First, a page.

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Noelle Thompson | High School Teacher | eNotes Employee

Posted June 29, 2011 at 6:37 AM (Answer #4)

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Akannan has hit the nail on the head when he says, "One of the difficult truths that the poem brings out is that talent is not the only requirement for success."  Further, I would say that it is a sad day when any artist finds out that he/she might have art as a "hobby" but is actually a "teacher" by trade, ... a sad day when we finally understand that what is considered "important" in any marketplace is what "sells," and not what is truly "good."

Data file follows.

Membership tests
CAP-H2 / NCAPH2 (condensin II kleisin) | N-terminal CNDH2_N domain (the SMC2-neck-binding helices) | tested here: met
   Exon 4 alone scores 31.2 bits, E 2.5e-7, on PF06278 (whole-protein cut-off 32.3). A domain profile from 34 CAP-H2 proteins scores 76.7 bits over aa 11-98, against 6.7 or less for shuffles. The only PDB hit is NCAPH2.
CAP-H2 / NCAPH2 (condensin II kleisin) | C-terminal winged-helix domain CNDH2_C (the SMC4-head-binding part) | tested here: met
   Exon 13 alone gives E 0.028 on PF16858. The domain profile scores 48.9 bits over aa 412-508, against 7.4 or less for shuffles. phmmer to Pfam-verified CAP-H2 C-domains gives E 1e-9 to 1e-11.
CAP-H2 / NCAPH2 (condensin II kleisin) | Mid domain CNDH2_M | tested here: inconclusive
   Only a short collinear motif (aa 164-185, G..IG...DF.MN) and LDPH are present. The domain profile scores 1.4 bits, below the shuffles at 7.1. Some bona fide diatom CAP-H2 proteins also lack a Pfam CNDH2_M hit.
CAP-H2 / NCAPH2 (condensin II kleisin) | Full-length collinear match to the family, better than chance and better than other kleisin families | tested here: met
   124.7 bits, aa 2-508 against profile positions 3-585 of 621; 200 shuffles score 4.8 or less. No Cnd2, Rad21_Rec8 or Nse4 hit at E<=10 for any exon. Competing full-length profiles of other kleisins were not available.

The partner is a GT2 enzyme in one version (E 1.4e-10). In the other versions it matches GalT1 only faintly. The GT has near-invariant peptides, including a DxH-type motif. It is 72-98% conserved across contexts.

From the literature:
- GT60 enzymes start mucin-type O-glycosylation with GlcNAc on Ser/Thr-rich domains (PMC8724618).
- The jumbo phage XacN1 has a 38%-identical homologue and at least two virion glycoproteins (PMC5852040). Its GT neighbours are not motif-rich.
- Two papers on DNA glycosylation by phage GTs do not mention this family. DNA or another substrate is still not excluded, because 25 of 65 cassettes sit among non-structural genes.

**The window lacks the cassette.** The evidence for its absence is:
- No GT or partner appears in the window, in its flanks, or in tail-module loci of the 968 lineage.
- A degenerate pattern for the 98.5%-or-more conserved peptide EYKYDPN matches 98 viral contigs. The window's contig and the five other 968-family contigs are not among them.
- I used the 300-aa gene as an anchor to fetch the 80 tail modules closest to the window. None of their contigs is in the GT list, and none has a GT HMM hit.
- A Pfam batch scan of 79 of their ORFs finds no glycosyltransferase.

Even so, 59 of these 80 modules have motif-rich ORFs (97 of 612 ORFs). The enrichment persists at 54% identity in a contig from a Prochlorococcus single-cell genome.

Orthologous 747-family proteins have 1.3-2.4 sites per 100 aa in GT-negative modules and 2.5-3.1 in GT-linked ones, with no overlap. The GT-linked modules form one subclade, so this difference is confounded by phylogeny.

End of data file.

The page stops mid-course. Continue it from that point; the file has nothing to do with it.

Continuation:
Personal anecdote:  My sister has a Masters in Fine Arts (which is the highest degree anyone can get in the art of printmaking), oh and she harbors a definite disdain for these "folk artists" who actually make a living from their art.  Likewise, I know folk artists (even a few of our local ones here that do chainsaw art) who laugh off these "starving artists" who insist on higher education.

In my opinion, be you a frog or a nightingale, ... mutual respect is key.